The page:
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PEP: 3142 Add a "while" clause to generator expressions f1428462ba69 2013-05-10 12:27:55 -0400 (Fri, 10 May 2013) Gerald Britton Rejected Standards Track text/plain 12-Jan-2009 3.0 http://mail.python.org/pipermail/python-dev/2013-May/126136.html

Abstract

This PEP proposes an enhancement to generator expressions, adding a
"while" clause to complement the existing "if" clause.

Rationale

A generator expression (PEP 289 [1]) is a concise method to serve
dynamically-generated objects to list comprehensions (PEP 202 [2]).
Current generator expressions allow for an "if" clause to filter
the objects that are returned to those meeting some set of
criteria.  However, since the "if" clause is evaluated for every
object that may be returned, in some cases it is possible that all
objects would be rejected after a certain point.  For example:

g = (n for n in range(100) if n*n < 50)

which is equivalent to the using a generator function
(PEP 255 [3]):

def __gen(exp):
for n in exp:
if n*n < 50:
yield n
g = __gen(iter(range(10)))

would yield 0, 1, 2, 3, 4, 5, 6 and 7, but would also consider
the numbers from 8 to 99 and reject them all since n*n >= 50 for
numbers in that range.  Allowing for a "while" clause would allow
the redundant tests to be short-circuited:

g = (n for n in range(100) while n*n < 50)

would also yield 0, 1, 2, 3, 4, 5, 6 and 7, but would stop at 8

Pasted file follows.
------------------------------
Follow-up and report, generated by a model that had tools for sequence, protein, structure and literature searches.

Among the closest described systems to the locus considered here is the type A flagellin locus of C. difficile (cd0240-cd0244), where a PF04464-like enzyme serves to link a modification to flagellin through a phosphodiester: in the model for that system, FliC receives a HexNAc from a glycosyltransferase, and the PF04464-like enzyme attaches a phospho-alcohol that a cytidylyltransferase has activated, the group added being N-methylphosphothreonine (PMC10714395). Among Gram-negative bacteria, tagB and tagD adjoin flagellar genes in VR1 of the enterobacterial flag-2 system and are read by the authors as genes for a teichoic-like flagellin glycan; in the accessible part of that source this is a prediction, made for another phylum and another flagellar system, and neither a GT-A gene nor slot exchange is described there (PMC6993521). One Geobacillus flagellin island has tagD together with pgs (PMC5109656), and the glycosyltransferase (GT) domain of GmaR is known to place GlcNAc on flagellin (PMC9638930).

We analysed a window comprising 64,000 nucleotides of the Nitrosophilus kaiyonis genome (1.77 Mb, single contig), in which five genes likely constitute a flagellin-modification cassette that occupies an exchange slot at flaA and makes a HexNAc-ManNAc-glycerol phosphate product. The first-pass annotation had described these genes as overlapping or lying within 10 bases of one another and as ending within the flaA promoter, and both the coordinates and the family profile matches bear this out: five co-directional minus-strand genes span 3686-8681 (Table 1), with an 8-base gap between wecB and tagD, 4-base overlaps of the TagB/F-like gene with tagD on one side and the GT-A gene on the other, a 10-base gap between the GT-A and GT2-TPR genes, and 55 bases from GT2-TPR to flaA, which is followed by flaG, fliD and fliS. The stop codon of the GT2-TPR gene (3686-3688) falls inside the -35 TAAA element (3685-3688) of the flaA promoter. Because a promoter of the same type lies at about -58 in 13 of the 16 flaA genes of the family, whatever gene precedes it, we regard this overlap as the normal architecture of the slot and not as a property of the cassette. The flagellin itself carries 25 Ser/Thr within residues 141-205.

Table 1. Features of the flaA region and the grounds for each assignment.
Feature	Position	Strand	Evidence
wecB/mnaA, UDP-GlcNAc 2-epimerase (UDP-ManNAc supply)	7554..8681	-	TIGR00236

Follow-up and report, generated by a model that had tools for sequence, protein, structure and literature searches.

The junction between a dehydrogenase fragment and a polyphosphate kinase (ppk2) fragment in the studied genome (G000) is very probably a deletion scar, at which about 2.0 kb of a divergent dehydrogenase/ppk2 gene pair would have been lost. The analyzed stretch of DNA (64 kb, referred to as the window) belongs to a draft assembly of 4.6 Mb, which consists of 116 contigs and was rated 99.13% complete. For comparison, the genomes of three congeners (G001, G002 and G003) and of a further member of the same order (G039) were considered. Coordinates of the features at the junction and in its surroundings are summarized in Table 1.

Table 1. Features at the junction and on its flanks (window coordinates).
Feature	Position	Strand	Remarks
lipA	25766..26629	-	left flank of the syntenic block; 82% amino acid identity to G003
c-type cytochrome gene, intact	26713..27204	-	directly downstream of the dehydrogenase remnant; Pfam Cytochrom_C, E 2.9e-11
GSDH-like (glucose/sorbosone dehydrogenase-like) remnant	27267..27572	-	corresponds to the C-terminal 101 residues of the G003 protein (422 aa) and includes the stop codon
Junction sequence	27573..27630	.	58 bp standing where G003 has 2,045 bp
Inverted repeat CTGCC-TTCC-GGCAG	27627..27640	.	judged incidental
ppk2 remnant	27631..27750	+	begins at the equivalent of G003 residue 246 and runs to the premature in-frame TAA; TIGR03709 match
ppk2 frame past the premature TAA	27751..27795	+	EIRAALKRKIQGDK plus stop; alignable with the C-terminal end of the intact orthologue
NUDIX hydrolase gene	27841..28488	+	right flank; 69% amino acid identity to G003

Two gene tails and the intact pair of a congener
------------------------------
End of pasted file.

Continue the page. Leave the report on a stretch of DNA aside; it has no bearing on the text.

since the condition (n*n < 50) is no longer true.  This would be
equivalent to the generator function:

def __gen(exp):
for n in exp:
if n*n < 50:
yield n
else:
break
g = __gen(iter(range(100)))

Currently, in order to achieve the same result, one would need to
either write a generator function such as the one above or use the
takewhile function from itertools:

from itertools import takewhile
g = takewhile(lambda n: n*n < 50, range(100))

The takewhile code achieves the same result as the proposed syntax,
albeit in a longer (some would say "less-elegant") fashion.  Also,
the takewhile version requires an extra function call (the lambda
in the example above) with the associated performance penalty.
A simple test shows that:

for n in (n for n in range(100) if 1): pass

for n in takewhile(lambda n: 1, range(100)): pass

though they achieve similar results.  (The first example uses a
generator; takewhile is an iterator).  If similarly implemented,
a "while" clause should perform about the same as the "if" clause
does today.

The reader may ask if the "if" and "while" clauses should be
mutually exclusive.  There are good examples that show that there
are times when both may be used to good advantage. For example:

p = (p for p in primes() if p > 100 while p < 1000)

should return prime numbers found between 100 and 1000, assuming
I have a primes() generator that yields prime numbers.

Adding a "while" clause to generator expressions maintains the
compact form while adding a useful facility for short-circuiting
the expression.

Acknowledgements

Raymond Hettinger first proposed the concept of generator
expressions in January 2002.

References

[1] PEP 289: Generator Expressions
http://www.python.org/dev/peps/pep-0289/

[2] PEP 202: List Comprehensions
http://www.python.org/dev/peps/pep-0202/

[3] PEP 255: Simple Generators
http://www.python.org/dev/peps/pep-0255/